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by Donald Kuspit
Where do Botero’s somewhat inflated figures -- he says they are "rather slim" -- come from? Is there any precedent for them, or are the so-called "Boteromorphs" invented out of whole cloth? Are they "puffed up" to give them "sensuality," as Botero said, or to make a "satirical" point, as he has also said? Are they ironical figures of fun -- comic buffoons, waiting to burst like overinflated balloons -- or is there something tragic about them?

Their absurdity suggests as much: they might collapse under pressure, as the Colossus of Rhodes -- one of the wonders of the ancient world -- did during an earthquake. Indeed, antiquity may be their source; the Farnese Hercules -- a Roman figure of great girth and strength -- could be their model. For all their bombastic bulk, they are sturdy figures, able to endure -- Hercules was a symbol of fortitude -- adversity.

That’s the human point of Botero’s astonishing Abu Ghraib imagery, perhaps the most powerful representation of man’s inhumanity to man since Goya’s and Dix’s war pictures. But those artists’ human beings don’t survive torture and abuse -- Botero’s do. Botero’s victimized bodies hold their own, whatever catastrophes they are subject to -- beatings, having their hair pulled, being pissed on, sodomized with sticks, attacked by dogs, piled on one another like sacks, all the while with their hands and sometimes legs bound, and often with their heads covered in black bags as though they were about to be hanged.

They remain peculiarly invulnerable, despite the excruciating pain they suffer -- and, outside of medieval art, there are few images of utterly excruciating pain in art, and even fewer that convey it with sustained conviction. I am suggesting that in all but name Botero’s Abu Ghraib images are scenes of martyrdom. Christian iconography haunts Botero’s images, as the crucified figure in Abu Ghraib 64 (2005) -- Christ forced to wear a bra and jock strap, their blood red color matching that of his stigmata -- strongly suggests. The prison cell that appears in many images is implicitly the prison cell where Christ was kept, just as the brutal torturers resemble those depicted in medieval imagery, perhaps most famously in Bosch.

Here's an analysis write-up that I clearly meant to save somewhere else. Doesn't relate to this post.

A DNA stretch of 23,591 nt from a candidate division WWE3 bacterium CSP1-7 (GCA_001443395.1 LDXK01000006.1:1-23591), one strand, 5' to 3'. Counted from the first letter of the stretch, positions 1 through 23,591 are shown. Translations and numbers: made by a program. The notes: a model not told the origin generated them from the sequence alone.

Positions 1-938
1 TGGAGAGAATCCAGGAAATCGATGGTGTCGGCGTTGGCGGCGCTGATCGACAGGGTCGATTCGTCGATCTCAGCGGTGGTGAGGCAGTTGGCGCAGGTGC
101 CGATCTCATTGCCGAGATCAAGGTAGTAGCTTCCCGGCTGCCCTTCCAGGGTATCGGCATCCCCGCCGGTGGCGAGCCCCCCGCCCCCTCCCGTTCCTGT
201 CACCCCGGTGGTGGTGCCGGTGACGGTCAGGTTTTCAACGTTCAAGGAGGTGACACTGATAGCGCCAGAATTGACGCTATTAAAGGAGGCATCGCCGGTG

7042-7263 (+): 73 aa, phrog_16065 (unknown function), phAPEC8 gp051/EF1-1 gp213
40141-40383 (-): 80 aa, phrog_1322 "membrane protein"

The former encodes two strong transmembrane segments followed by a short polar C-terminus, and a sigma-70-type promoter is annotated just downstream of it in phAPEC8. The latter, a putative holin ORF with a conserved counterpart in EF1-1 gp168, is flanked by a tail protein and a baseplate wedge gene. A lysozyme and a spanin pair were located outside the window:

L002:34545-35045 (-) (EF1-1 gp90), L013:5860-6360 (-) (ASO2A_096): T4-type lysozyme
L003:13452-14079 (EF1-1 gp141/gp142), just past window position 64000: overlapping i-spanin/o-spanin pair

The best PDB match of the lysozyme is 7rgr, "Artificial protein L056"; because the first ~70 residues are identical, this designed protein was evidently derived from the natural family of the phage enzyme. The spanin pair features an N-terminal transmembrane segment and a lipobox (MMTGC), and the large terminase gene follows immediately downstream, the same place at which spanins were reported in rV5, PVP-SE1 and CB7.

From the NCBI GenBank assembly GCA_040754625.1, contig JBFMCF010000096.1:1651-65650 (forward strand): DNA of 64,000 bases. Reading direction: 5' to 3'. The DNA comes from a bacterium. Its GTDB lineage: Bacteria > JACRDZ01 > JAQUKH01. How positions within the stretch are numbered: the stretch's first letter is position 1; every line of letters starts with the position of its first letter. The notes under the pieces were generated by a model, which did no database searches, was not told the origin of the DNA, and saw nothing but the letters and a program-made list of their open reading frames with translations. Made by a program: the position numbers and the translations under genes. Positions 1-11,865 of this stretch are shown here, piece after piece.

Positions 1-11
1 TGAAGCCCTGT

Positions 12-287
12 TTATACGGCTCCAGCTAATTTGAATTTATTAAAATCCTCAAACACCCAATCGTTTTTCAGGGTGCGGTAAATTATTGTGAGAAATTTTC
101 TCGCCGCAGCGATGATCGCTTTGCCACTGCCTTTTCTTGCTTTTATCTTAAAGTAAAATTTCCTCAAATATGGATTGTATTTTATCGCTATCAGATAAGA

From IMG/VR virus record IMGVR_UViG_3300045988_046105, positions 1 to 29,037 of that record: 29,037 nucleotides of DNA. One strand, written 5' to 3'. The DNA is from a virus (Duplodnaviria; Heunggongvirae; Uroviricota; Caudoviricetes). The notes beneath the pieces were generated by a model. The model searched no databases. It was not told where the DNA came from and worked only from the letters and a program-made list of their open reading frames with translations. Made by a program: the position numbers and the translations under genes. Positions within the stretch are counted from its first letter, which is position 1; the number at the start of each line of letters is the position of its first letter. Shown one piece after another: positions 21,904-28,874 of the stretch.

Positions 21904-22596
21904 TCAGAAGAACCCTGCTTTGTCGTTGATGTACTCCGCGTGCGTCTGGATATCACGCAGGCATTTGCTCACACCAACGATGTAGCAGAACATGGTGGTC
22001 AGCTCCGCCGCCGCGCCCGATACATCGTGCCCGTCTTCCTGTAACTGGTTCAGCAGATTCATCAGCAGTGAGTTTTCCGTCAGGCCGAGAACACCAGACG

I don’t think Botero’s Abu Ghraib series are simply anti-American, however anti-American and pro-Iraqi they seem. No doubt it rides the current tide of Latin American anti-Americanism, but many of the Iraqi prisoners have the same sharp teeth as their American torturers, suggesting they would be as capable of sadistic torture, should their situations be reversed. How many Iraqi soldiers tortured for Saddam Hussein? Good soldiers, after all, want to do unto others as others want to do unto them.

Nor is Botero fascinated by torture per se -- although he may be, as many people are (it enacts and exposes their unconscious hostility and destructiveness). Instead, he depicts the nightmare of history. It is an endless, inescapable nightmare, allegorized in an endless stream of drawings and paintings by Botero -- Abu Ghraib is a means not an end -- each depicting an act or victim of gratuitous cruelty, a violence intended to break the spirit as well as body of the victim.

But, through it all, the bodies of Botero’s Abu Ghraib prisoners remain surprisingly intact, despite their wounds. They are heroes despite themselves, as their powerful bodies confirm. Indeed, they embody power -- including the power that violates them. The torturers (and their dogs) also have powerful bodies -- they are involved in a Herculean task. A plague on both Americans and Iraqis, Botero suggests. Both are crazy beasts, as their grotesquely animal bodies imply. Botero’s bodies are bloated by delusions of grandeur, that is, they are pathologically omnipotent.   

Fernando Botero, "Abu Ghraib," Oct. 18-Nov. 18, 2006, at Marlborough New York, 40 West 57th Street, New York, N.Y. 10019

DONALD KUSPIT is professor of art history and philosophy at SUNY Stony Brook and A.D. White professor at large at Cornell University.